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My relationship with food changed when I went off to college. It was like all my healthy high-school habits went right out the window. I binge-ate, binge-drank a lot and gained some weight.
Eventually, my track coach said, “Hey, you came in at this weight … why do you now weigh this? You need to figure out how to lose it.” I had no idea how to “lose weight,” so I did my best to figure it out.
Headed Down the Wrong Path
I began talking to nutritionists. I tried Nutrisystem. I got super restrictive and ate six meals a day of chicken and broccoli. Of course, none of that ever worked. And because there was always some sort of strictness behind what I could or couldn’t eat, there was always a “good” food and a “bad” food. There was always a “cheat day” and a “non-cheat day.” It was terrible.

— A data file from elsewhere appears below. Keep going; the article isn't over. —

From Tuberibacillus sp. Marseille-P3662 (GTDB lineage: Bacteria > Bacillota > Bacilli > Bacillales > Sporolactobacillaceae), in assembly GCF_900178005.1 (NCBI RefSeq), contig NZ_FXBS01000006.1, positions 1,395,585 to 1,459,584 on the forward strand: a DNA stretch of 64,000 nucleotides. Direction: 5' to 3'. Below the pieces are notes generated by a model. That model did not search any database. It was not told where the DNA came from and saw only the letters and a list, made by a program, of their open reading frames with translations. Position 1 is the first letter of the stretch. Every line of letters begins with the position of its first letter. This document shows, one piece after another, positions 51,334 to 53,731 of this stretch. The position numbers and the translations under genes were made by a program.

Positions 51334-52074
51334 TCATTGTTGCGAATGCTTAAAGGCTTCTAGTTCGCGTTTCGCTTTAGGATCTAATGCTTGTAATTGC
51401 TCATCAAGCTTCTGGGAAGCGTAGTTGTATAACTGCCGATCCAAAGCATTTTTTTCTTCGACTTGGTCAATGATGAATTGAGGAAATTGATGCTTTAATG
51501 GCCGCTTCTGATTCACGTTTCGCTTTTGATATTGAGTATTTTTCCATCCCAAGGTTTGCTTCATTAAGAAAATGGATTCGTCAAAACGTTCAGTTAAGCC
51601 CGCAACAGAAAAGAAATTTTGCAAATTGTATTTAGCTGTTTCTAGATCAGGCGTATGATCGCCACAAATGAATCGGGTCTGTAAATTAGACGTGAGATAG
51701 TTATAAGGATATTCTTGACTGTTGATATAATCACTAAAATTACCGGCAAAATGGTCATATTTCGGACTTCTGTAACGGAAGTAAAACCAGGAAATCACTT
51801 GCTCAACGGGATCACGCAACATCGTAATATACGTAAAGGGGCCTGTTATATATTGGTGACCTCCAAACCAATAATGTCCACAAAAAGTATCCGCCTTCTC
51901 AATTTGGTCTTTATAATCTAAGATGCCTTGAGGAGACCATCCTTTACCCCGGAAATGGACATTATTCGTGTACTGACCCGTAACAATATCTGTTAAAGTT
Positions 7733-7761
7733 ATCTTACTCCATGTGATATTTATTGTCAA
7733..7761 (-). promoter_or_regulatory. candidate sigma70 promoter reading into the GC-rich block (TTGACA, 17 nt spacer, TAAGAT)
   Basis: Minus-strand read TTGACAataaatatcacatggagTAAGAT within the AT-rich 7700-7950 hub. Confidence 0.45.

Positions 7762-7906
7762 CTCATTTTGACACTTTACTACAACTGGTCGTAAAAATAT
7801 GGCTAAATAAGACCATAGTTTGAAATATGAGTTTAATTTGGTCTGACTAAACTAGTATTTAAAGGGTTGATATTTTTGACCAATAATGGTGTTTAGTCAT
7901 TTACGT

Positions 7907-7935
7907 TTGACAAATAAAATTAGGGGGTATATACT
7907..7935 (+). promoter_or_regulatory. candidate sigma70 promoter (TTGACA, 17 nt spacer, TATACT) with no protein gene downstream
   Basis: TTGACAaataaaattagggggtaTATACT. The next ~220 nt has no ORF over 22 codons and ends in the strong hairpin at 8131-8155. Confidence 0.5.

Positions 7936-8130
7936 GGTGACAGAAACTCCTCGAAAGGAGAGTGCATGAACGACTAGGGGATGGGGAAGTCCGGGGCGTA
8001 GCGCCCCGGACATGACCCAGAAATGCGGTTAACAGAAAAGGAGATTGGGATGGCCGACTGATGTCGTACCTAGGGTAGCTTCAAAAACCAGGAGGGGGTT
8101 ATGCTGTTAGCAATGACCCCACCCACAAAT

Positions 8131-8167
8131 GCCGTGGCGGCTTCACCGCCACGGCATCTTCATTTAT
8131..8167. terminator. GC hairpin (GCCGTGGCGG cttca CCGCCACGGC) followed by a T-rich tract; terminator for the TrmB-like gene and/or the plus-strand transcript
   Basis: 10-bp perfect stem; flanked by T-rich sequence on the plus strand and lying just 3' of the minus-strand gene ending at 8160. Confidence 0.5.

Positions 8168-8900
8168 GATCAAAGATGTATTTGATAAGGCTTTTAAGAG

And I never ever want anyone to feel the way I felt in those very formative years of my life. Ages 18 to 22 are crucial. I had no idea who I was, and all this was just thrown at me. I think I’m where I’m at today because I don’t feel like women — especially in that age range — should have to go through what I did. I want to help guide them so they never have a similar experience.
Yet I feel like so many of us have at some point in our lives had an experience similar to mine. So there comes a point at which you say, “You know what? I just can’t do this anymore!” and you figure out your why. Nothing will change until you do it for yourself, not for anyone else — not for your coach or even for a loved one.
Over time, I learned that what really works for me is to not eliminate certain foods but rather eat them in moderation. I eat them when I want them, and I eat them in a way that is a sustainable approach to nutrition.
A Creature of Habit